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As is well known, the United States is a federal country composed of 50 states plus the District of Columbia, where the individual states and the country as a whole are each sovereign jurisdictions. This is reflected everywhere in its political-administrative structure, including the election of the US President, who is elected by the Electoral College and not directly by the people; an issue that provokes a confrontation between abolishers of the Electoral College and supporters of the current system each time a candidate not winning the most popular votes is elected President (last time in 2000 elections). Between both extremes, there are intermediate solutions that, while continuing to respect the spirit of a federal nation like the USA, enable proportionality to be incorporated into the process. This was, for example, the idea behind Amendment 36 to the Colorado Constitution (LCCGA, Analysis of the 2004 ballot proposals. Research Publication No. 527-1. Legislative Council of the Colorado General Assembly, Colorado, 2014). After studying the merits and drawbacks of the current system, this paper investigates what would have happened if Colorado proposal had been used nationwide in Presidential elections from 1828 to 2012. The chapter concludes that the Colorado idea might have made electoral colleges’ results closer to popular will, would have diminished the risk of electing a non-popular winning President and would have served to require a more balanced regional support to be elected. As counterpart, it would have encouraged the emerging of third minor candidates.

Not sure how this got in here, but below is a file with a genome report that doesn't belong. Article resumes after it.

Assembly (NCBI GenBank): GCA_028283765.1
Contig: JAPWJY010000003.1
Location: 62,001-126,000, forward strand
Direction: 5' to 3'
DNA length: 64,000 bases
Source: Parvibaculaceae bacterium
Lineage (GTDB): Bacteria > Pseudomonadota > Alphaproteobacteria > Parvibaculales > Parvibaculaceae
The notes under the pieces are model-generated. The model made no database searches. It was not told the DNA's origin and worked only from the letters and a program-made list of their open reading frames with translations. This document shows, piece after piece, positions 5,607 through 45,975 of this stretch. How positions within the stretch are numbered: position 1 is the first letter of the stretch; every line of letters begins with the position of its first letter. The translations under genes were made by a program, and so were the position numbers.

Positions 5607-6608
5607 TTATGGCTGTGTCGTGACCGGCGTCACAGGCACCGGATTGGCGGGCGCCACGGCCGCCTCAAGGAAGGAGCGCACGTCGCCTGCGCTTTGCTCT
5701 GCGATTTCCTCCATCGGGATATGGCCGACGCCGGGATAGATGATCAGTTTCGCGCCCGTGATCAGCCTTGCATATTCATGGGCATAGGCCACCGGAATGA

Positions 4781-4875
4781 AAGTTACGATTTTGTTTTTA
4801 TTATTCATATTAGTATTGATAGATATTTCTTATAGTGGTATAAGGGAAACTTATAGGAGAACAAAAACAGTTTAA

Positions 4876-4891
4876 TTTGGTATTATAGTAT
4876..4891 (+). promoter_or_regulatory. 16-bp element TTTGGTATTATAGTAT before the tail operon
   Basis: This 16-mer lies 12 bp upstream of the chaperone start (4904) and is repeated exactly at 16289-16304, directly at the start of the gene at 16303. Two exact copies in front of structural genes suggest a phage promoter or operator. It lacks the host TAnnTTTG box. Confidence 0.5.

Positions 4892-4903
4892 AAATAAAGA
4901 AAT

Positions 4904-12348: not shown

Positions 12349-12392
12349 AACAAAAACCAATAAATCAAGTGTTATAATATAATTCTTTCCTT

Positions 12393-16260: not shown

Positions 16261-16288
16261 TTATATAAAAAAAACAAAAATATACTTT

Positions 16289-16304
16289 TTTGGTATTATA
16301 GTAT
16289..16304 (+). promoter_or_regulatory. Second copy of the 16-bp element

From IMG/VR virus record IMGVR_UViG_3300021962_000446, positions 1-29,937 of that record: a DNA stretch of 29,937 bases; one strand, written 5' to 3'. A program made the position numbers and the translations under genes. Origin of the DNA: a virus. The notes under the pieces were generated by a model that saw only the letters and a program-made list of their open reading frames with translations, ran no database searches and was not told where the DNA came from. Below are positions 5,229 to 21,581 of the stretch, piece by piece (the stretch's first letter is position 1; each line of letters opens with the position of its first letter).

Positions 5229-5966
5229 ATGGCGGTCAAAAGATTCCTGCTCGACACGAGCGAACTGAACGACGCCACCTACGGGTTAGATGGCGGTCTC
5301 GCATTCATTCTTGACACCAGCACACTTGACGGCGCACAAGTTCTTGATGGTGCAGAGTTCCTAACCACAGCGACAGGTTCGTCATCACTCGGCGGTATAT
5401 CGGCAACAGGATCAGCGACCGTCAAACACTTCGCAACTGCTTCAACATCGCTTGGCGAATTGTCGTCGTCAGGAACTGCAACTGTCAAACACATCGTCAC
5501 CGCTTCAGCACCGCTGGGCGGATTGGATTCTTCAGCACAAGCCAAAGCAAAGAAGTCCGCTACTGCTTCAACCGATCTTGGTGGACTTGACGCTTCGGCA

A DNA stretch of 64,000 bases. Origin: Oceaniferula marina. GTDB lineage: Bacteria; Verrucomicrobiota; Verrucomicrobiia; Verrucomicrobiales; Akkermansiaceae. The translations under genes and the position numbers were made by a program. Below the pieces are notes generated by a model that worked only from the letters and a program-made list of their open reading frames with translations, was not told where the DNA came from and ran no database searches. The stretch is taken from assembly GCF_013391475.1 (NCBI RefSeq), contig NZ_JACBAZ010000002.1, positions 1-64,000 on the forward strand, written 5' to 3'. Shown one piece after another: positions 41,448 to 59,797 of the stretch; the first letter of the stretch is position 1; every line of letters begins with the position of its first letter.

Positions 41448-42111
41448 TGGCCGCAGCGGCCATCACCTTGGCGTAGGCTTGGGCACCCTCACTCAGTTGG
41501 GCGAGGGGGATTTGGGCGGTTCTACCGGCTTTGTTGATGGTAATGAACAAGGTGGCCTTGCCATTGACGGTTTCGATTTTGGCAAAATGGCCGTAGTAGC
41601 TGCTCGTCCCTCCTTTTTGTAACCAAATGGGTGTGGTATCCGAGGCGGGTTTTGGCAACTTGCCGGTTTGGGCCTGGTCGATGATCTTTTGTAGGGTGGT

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- Federalism, Proportionality, and Popular Will in US Presidential Elections: Did Colorado Have the Right Idea?
Jose M. Pavía
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